But the group has added two big issues onto its plate, she said. It is working for affordable health care — in particular expanding access to treatment for those with opioid addiction — and for reform of disaster recovery systems so they work better for families and prepare communities for future flooding and storms.
Many people affected by Sandy suffered physical or mental health issues in the years that followed, Devecka-Rinear said.
Nancy Caira, of Waretown in Ocean Township, said her husband had a heart attack soon after Sandy, putting him out of work and complicating their ability to help pay to raise their home 13 feet. Even though they have a RREM grant, they ran into many complications and still haven’t started the work, she said.
Caira spoke at a workshop on storm recovery and preparing for future storms, along with the Union of Concerned Scientists’ Shana Udvardy, one of the authors of “Underwater: Rising Seas, Coastal Floods and the Implications for U.S. Coastal Real Estate,” and Jason Tuber, a senior adviser to Sen. Robert Menendez. Tuber talked about reforms Menendez, D-N.J., is seeking through legislation for the National Flood Insurance Program.
As of Sept 28, Devecka-Rinear said, the state’s figures show there is about $1.2 billion in unspent Sandy recovery funding, some of which could be redirected to better aid families.
By Victoria Ford - Stafford Municipal Candidates Publicly Introduce Themselves at Ocean Acres Community Center
The Ocean Acres Civic Association hosted a candidates night on Tuesday, Oct. 9, that packed the Ocean Acres Community Center. The format was a straightforward series of three-minute speeches from each candidate, introducing who they are and what they believe in. No questions were taken from the public. A coin toss gave the Democrats the floor first.
Brian White is a criminal defense attorney who cares deeply about the opioid crisis. He said he wants to solve the underlying addiction problem by partnering with citizens. The Blue HART (Heroin Addiction Response Team) program and the On Point program (for mental health assistance) are two ways the Stafford Police Department already helps. Additionally, he would like to beef up neighborhood watch efforts and drug education. “We need to think outside the box,” he said, to win the war on drugs and overdoses in Stafford. He feels his team is “a great group of people, doing this for the right reasons.”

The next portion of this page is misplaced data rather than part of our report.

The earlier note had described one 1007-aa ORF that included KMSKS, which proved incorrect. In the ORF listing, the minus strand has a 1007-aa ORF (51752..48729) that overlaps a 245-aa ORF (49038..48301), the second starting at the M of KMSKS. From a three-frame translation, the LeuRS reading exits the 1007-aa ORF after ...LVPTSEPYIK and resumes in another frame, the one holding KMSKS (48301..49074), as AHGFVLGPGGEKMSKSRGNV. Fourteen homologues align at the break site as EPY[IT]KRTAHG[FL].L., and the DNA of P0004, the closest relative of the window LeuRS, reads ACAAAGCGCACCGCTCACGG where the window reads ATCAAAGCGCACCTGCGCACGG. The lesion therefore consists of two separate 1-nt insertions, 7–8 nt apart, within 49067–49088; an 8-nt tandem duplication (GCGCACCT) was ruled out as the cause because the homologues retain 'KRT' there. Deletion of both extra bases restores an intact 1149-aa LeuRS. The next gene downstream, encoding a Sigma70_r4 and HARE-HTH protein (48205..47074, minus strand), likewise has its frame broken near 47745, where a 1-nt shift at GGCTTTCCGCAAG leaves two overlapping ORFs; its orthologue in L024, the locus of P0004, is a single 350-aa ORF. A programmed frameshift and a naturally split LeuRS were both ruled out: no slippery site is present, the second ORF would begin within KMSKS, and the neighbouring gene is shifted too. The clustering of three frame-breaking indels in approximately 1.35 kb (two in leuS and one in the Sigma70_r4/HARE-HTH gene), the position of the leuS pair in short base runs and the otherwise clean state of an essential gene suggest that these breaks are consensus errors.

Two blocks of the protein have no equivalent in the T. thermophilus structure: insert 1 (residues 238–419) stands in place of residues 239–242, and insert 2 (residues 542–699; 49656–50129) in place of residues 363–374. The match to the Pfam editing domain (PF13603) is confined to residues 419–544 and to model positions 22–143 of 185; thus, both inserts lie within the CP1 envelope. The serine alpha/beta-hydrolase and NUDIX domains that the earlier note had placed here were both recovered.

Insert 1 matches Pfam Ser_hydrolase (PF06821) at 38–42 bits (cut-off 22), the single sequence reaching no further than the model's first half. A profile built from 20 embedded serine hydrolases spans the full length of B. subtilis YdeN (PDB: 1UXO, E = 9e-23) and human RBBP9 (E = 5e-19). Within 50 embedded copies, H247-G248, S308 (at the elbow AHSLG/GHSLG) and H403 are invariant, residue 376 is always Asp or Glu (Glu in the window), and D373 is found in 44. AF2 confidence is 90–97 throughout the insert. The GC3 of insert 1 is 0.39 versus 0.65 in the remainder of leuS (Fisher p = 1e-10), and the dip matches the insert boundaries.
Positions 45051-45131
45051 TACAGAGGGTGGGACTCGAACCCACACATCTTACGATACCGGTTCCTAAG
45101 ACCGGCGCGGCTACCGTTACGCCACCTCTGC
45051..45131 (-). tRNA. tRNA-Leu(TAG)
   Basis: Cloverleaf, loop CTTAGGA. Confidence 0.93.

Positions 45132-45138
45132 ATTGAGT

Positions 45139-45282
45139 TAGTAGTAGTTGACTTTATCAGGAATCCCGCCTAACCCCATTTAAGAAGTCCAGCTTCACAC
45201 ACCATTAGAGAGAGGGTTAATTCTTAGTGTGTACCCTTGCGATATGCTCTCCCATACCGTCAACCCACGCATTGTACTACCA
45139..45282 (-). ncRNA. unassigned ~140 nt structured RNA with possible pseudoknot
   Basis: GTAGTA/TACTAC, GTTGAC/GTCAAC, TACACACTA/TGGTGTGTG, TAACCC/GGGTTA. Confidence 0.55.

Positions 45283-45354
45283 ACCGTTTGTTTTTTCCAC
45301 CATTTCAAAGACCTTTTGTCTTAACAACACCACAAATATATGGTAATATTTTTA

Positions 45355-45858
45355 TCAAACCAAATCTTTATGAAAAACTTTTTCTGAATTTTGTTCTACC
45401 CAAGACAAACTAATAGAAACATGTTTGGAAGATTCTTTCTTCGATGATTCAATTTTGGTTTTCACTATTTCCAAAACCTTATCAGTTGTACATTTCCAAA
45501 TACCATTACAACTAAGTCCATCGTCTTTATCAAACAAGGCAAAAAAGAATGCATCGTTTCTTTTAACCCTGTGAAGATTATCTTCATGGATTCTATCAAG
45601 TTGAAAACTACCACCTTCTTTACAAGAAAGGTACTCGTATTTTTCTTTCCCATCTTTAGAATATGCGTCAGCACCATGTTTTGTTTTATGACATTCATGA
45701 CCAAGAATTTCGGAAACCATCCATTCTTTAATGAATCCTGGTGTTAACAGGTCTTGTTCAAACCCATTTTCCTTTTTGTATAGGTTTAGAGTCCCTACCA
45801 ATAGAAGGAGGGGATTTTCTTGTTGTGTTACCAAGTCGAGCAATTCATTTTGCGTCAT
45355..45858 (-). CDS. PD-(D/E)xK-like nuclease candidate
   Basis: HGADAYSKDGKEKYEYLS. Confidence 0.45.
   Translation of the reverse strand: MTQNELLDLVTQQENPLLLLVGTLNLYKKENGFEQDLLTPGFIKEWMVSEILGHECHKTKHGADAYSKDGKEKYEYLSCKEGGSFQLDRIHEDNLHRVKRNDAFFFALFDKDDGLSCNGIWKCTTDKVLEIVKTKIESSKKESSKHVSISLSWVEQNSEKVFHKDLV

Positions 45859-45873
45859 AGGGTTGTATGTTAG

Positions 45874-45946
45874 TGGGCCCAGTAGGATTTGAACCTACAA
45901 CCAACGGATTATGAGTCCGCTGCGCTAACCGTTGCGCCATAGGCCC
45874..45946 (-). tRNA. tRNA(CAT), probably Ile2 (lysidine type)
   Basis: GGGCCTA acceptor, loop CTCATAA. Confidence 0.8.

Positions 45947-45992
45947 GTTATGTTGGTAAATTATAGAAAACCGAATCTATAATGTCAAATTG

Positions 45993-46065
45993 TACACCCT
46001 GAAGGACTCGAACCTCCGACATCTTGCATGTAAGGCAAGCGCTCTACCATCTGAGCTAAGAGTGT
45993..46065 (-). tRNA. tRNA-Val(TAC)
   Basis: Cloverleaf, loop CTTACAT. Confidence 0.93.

Joanne Sitek has been a resident of Beach Haven West for over 20 years. She retired to the shore after a long, rewarding career in teaching and counseling. She was brought up to help people, she said, which is what motivated her to run for town council previously and serve as liaison to the recreation department, school system and senior citizens. She described the Focus on Stafford team as service-oriented and diverse in terms of age and gender. One of her concerns is finding solutions for the vacant storefronts in town.
Nicole Downs is a partner in a law firm and has a lot of experience in municipal law. She’s lived in town 15 years, has four children, volunteers as a soccer and cheerleading coach and sits on the boards of the American Cancer Society and Ronald McDonald House. She’s interested in working on ordinances to address the issue of abandoned and foreclosed houses, one of which would require bank registration of foreclosures, which would generate revenue and help improve communication between property owners and the town. “I’ve seen the positive effects in other towns, and I want to bring that experience to Stafford,” she said.